Chinatown is a spotlight of Singapore, not just because of its thousand hanging lanterns, but because of the enormous diversity that is packed into one small town. To help plan your trip, these are some of the very best things to do in Chinatown, Singapore.
When I first set my foot on one of the streets of Chinatown, I was astonished by how many intricacies and little things fascinated me. It doesn’t matter if you are a food lover, an explorer, a photographer, or just enjoy sightseeing, there is something that can satisfy your desire.
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1. Discover the Buddha Tooth Relic Temple
This temple was just built in 2007, but its meticulously designed interior and the comprehensive exhibitions of Buddhist art and history can tell you stories about a culture that is hundreds of years old.
The temple is named after a sacred artefact that Buddhists believe is the Buddha’s left fang, taken from the funeral pyre at his funeral in Kushinagar, India. The tooth and other sacred Buddhist artefacts in this temple are displayed in a magnificent golden tower made of 320kg of gold, which was donated by Buddhists.
You can discover the temple on your own or register for a two-hour tour with tour guides. Entrance tickets and weekly tours are free.
2. Visit the Sri Mariamman Temple
After exploring the Buddha Tooth Relic Temple, I took a ten-minute walk right to the Sri Mariamman Temple. Sri Mariamman is one of the oldest and most important Hindu temples in Singapore. The temple was built to worship the Mariamman goddess, who has the power to cure all kinds of sickness.
The most special highlight of the temple is the large entrance tower – the Gopuram tower. It’s a symbolic work for many generations of Hindus as well as Singaporeans. The tower is covered with colourful sculptures of gods, mythical beasts and other beings.
If you are here in October or November, you can watch the renowned Theemithi, also known as the firewalking ceremony, where priests walk barefoot on a three-metre-long pit filled with burning coals.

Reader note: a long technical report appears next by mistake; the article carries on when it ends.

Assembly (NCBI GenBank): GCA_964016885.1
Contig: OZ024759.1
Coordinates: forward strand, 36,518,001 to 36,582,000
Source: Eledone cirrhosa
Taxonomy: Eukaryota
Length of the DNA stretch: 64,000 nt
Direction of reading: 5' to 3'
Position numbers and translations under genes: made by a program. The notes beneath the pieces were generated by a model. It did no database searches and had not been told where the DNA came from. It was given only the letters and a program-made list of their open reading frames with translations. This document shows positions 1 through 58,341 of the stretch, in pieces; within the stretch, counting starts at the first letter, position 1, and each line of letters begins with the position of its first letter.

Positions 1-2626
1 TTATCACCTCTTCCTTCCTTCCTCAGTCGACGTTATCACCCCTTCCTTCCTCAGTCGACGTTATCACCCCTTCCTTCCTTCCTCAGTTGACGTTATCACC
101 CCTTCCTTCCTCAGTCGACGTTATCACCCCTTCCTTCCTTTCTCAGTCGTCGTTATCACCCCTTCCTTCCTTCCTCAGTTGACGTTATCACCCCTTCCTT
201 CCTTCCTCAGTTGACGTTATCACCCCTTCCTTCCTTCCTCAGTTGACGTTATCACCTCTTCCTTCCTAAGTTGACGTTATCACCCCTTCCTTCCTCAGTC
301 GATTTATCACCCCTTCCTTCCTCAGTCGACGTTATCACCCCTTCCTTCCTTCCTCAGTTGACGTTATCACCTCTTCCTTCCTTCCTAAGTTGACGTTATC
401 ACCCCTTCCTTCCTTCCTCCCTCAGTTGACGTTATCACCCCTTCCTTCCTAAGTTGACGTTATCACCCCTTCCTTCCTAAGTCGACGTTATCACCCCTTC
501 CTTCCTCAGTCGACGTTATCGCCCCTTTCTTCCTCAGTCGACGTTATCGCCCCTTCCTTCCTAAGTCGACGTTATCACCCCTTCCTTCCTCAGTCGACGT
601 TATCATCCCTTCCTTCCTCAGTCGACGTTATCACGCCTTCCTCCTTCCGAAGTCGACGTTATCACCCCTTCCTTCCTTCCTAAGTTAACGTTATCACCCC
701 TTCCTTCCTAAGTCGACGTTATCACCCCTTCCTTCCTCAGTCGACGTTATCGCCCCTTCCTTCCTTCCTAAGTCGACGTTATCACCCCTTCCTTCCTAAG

3. Find peace at the Thian Hock Keng Temple
Thian Hock Keng is known to be the oldest Chinese temple in Singapore. Even though it was renovated, you can still feel the trail of time that is left here. The level of detail that is put into everything in this temple is overwhelming, in a good way. Whether you look up or down, there will be stunning dragon motifs or phoenixes, detailed carvings and sophisticated sculptures.
The sacred atmosphere, the unique ancient Chinese architecture and the slight smell of incense burning somehow make you feel really at peace. One interesting thing about this temple is that it was built perfectly without using any nails.
4. Learn about the culture of Singaporeans at Chinatown Heritage Centre
Let’s travel to the past, following the footsteps of the first immigrants that risked their lives to get to Singapore at the Chinatown Heritage Centre.
Here you can find out about their living environment, how they decorated the stores and houses, and their nightlife. Each displayed item here has its own story, bringing many interesting insights into the life of some of the citizens who helped create this modern city.
You can gain access into Chinatown Heritage Centre for 15 Singapore dollars for adults and 11 Singapore dollars for children.
5. Take an NUS Baba House tour
This relic house was home to a Peranakan family in the 1920s. It’s the only Peranakan house that is fully retained with the interior decoration of the unique style of Peranakan culture.